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Italian Film Director Carlo Ponti Dies

Carlo Ponti, one of Italy's best-known film producers and the husband of actress Sophia Loren, has died in Geneva at the age of 94. In his 50-year career, Ponti produced more than 150 films. Sabina Castelfranco reports from Rome

All over the world he was known as the husband of one of Italy's most famous actresses, Sofia Loren.

But Carlo Ponti was one of Italy's best film producers. He produced a number of classic films like Federico Fellini's La Strada, David Lean's Dr. Zhivago and Michelangelo Antonioni's Blowup.

Carlo Ponti died at the age of 94 in a hospital in Geneva after suffering pulmonary complications. He had been admitted to the hospital about 10 days ago.

Born near Milan in 1913, Ponti studied law and worked as a lawyer in the city before his move into film production. He began making films in 1938 by accident, when a film-producer client of the law firm he was working for fled fascist-era Italy and asked him to take over.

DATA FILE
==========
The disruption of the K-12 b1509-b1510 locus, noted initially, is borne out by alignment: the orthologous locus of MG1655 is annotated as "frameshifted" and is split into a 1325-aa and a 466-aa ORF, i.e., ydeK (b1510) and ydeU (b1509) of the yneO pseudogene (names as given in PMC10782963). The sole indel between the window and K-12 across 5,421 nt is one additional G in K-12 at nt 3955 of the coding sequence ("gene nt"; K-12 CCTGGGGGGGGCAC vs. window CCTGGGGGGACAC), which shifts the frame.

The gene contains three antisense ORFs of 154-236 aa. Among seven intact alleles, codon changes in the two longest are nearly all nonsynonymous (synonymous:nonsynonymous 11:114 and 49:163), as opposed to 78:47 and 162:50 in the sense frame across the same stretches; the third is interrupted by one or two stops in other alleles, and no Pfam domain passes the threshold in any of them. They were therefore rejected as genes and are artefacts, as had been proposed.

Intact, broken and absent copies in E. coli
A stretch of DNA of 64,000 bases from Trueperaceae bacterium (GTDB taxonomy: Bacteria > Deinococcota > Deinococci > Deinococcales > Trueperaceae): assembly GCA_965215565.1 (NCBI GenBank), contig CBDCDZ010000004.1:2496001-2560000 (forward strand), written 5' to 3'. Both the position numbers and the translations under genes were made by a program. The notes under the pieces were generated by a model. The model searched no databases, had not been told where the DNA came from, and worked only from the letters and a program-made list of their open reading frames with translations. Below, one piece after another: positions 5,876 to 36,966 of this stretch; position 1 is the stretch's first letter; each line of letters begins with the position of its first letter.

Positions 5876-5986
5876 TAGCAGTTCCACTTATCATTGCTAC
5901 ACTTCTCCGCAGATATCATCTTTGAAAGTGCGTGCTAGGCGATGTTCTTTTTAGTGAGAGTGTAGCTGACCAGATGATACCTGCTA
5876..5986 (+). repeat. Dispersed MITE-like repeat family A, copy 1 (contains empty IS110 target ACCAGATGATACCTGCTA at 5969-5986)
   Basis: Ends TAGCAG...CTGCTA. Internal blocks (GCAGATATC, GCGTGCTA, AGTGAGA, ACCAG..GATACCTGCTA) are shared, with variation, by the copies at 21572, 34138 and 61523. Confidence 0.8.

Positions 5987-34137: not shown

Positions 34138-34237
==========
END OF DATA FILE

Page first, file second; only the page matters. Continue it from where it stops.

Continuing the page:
The producer spotted Sophia Loren when she took part in a beauty contest when she was a teenager. He was more than 20 years older than her. She was poor and from a Naples slum. He was already an established producer and a married man.

Ponti groomed her for stardom and stood back in the shadow as Sophia Loren became, first Italy's sex symbol, and then a popular Hollywood actress.

In 1957, their first marriage caused a scandal in Italy. At the time there were no divorce laws in Italy, and Ponti was still married. He had unsuccessfully sought a Vatican annulment of his first marriage.

Ponti married Sophia Loren by proxy in Mexico. In Italy, Ponti was charged with bigamy. The scandal over their marriage forced them to leave the country and move to Hollywood. They later had two sons, one of whom is now a film director.

Just four years after they were married, Sophia Loren won the best actress Oscar for Two Women, produced by her husband. A few years later he was nominated for an Oscar for Dr. Zhivago.

Ponti produced films by Federico Fellini, Vittorio De Sica, George Cukor and Sidney Lumet. Among the classics to his name were Marriage Italian Style (1964) and A Special Day (1977).

Italy's Culture Minister Francesco Rutelli said his death marks the end of an era for film-making because he embodied a great and courageous push to innovate, promoted unforgettable talents and enjoyed huge success.